Oil tanker company General Maritime Corp filed for bankruptcy protection and Denmark's Torm said it was in talks with creditors on Thursday as both fell victim to a glut of ships in the world fleet and gathering global economic gloom.
Bankers expect more bankruptcies and restructuring in the sector as companies struggle with a worsening world economic crisis and lower earnings driven by a build-up of ships ordered when times were good.
In a related sign of sector stress, a second major Chinese shipping firm has halted payments to foreign ship owners because of the downturn in the freight market.
Our operations are strong, but continued macroeconomic weakness and reduced tanker rates have diminished our cash flow and our ability to comply with certain covenants..., Chief Financial Officer Jeffrey Pribor said in a statement.
Earlier this month, China's transportation minister said the global shipping sector was in a downturn worse than that during the 2008 financial crisis, with the outlook for the industry made increasingly uncertain by euro zone debt turmoil.
The head of the world's largest independent oil tanker company, Frontline
Prospects for dry shipping -- the transport of commodities like coal and iron ore -- are also bleak and set to remain poor for 2-3 years as the sector struggles with a glut of vessels.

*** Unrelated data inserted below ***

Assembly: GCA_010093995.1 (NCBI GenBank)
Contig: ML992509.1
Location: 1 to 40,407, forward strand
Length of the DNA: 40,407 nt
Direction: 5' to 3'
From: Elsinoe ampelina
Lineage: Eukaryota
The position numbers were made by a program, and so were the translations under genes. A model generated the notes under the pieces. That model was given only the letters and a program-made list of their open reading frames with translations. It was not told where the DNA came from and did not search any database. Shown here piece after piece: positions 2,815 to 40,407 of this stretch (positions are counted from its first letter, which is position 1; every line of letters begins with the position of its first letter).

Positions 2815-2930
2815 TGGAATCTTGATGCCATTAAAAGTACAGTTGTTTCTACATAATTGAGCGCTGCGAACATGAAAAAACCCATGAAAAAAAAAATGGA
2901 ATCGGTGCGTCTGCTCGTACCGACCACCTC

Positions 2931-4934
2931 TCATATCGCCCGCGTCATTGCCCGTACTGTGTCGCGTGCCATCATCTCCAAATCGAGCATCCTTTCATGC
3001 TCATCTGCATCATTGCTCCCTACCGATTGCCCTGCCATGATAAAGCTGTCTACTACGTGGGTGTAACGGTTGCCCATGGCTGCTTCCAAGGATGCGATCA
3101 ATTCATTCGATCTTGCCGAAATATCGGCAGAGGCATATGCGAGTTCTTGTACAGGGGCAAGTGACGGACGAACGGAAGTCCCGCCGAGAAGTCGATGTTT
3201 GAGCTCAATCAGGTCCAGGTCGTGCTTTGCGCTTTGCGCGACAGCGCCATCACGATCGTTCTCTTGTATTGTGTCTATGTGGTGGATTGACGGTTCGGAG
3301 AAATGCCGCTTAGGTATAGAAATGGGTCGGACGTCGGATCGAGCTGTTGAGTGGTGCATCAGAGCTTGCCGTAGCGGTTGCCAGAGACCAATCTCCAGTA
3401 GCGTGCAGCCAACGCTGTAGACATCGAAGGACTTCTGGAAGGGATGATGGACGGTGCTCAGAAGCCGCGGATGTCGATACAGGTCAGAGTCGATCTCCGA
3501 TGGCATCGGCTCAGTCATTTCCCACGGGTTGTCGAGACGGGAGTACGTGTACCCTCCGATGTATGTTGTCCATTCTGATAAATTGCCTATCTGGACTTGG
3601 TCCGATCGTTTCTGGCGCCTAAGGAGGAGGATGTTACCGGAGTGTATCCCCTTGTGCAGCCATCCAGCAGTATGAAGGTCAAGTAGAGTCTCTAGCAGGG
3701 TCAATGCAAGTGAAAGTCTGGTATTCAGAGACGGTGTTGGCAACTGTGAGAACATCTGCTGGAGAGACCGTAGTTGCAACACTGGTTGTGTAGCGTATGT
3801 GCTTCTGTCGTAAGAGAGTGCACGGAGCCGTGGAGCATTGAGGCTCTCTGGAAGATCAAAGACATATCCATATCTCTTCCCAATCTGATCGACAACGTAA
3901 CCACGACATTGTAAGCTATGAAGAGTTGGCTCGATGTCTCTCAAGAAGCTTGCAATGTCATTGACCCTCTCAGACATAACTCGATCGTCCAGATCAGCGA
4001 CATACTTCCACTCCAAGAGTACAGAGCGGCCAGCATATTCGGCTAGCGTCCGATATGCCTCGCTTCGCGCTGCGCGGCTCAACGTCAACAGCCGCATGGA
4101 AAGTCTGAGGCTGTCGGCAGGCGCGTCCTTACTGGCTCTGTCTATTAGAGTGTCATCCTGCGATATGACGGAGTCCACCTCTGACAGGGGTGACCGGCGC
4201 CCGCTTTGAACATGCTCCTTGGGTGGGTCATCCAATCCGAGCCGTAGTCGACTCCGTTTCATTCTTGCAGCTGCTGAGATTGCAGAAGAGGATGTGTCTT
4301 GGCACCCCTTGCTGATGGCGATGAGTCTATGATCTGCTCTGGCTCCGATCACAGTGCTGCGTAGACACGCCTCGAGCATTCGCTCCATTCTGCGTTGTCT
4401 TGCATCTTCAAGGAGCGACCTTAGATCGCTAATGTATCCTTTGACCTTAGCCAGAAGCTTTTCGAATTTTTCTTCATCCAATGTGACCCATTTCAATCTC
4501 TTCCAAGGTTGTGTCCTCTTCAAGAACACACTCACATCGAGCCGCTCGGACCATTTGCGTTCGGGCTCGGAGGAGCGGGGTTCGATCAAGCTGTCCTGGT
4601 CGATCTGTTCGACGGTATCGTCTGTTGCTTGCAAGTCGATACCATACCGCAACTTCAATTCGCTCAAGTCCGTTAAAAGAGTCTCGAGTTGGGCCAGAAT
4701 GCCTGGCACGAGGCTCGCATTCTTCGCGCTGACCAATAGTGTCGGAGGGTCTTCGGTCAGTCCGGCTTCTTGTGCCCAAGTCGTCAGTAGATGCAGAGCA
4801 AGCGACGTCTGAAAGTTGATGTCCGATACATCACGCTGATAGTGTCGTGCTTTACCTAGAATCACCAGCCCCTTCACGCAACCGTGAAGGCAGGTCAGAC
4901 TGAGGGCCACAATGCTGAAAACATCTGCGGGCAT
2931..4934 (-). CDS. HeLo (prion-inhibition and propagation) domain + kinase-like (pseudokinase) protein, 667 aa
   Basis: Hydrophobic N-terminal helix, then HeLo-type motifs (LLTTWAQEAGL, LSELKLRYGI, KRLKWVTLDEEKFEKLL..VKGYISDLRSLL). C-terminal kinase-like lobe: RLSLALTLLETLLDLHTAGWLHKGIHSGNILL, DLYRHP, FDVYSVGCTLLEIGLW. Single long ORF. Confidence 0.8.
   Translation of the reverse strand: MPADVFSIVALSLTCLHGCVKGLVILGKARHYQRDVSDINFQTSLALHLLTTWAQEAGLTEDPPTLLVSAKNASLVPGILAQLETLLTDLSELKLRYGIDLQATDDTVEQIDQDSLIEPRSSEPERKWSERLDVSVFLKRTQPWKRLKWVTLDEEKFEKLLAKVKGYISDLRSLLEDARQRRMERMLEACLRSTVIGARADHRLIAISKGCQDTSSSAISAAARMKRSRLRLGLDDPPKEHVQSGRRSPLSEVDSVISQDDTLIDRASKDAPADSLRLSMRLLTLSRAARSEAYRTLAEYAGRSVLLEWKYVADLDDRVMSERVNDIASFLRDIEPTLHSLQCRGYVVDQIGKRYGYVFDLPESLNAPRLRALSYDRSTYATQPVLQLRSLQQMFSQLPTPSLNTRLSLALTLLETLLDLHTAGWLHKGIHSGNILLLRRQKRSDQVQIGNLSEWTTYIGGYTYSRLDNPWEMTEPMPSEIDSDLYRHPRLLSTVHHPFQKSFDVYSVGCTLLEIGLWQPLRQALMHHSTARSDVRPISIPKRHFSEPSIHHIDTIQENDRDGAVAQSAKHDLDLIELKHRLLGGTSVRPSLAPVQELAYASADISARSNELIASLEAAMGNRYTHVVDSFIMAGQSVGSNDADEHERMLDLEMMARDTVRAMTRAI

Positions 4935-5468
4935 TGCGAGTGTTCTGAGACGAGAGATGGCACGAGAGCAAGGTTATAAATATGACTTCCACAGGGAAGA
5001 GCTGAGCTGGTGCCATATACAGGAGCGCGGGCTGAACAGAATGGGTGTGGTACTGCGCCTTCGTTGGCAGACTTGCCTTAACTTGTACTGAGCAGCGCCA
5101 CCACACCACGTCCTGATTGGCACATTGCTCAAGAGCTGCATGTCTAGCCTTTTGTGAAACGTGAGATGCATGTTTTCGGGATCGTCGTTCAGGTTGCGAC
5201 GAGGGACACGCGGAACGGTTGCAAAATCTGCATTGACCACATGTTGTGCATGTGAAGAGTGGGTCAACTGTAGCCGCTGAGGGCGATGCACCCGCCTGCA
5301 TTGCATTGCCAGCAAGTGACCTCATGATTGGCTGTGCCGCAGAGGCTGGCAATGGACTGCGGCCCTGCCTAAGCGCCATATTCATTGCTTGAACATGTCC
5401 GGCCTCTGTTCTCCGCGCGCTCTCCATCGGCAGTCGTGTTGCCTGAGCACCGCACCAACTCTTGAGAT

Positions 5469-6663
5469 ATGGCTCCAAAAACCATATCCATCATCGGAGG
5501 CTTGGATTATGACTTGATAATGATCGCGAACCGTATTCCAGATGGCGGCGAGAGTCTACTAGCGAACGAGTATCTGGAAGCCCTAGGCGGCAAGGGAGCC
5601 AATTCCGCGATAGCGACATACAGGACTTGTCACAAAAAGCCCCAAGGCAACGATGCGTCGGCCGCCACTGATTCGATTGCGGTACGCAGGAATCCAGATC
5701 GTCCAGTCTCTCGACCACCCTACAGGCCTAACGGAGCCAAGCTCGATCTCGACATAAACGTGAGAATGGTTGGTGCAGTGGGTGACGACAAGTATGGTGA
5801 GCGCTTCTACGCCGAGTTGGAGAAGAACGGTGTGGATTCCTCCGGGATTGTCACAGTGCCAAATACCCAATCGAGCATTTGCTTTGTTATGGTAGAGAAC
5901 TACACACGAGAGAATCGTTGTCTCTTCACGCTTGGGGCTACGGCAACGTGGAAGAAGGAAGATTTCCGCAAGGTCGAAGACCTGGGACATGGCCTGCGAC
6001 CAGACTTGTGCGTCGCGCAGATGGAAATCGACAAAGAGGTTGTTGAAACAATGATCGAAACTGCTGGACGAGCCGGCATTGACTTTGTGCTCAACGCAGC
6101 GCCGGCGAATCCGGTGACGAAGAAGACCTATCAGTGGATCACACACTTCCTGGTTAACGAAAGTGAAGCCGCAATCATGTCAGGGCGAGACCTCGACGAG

Danish firm Torm
The company said freight rates -- the cost at which cargo is delivered from one point to another -- had come under massive pressure and were likely to remain subdued.
It is now evident that the current low cyclical freight rate levels may continue longer than anyone had expected, chairman Niels Erik Nielsen said. This calls for extraordinary actions and Torm is exploring all possible levers.
Shares in Torm, one of the the world's top oil products tanker operators and which issued a profit warning at the end of October, were down 11.5 percent at 4.20 crowns at 1510 GMT, having hit a record low at 4.00 crowns earlier.
Chief executive Jacob Meldgaard said the third quarter had proved to be a particularly challenging quarter, as the uncertainty on the global economy continued.
Torm reported a $70.1 million third-quarter pretax loss, compared with a forecast for a $53.1 million loss in a Reuters poll, and stood by a previous forecast for a full-year 2011 pretax loss of $175-$195 million.
Its stock has lost nearly 90 percent of its value this year, reducing its market capitalisation to about 298.5 million Danish crowns (34.3 million pounds).
Torm's biggest problem is a huge debt, piled up from paying out quite high dividends in the years when things went well -- 2004 to 2007, Sydbank equity analyst Jacob Pedersen said.
In June, the company said it had agreed an amendment of its $900 million revolving credit facility with Danske Bank
That deal postponed most of a repayment of $630 million due in 2013 to 2015 on condition that it raise $100 million in new capital from shareholders by mid-December.
If the debt extension is not carried out as agreed in June, payments of $510 million due in 2015 and $60 million due in 2014 would fall due in 2013 instead, Chief Financial Officer Roland Andersen said in a conference call.
($1 = 5.501 Danish crowns)
(Additional reporting by Vaishnavi Bala in Bangalore and Jonathan Saul in London; Writing by Jodie Ginsberg; Editing by David Cowell)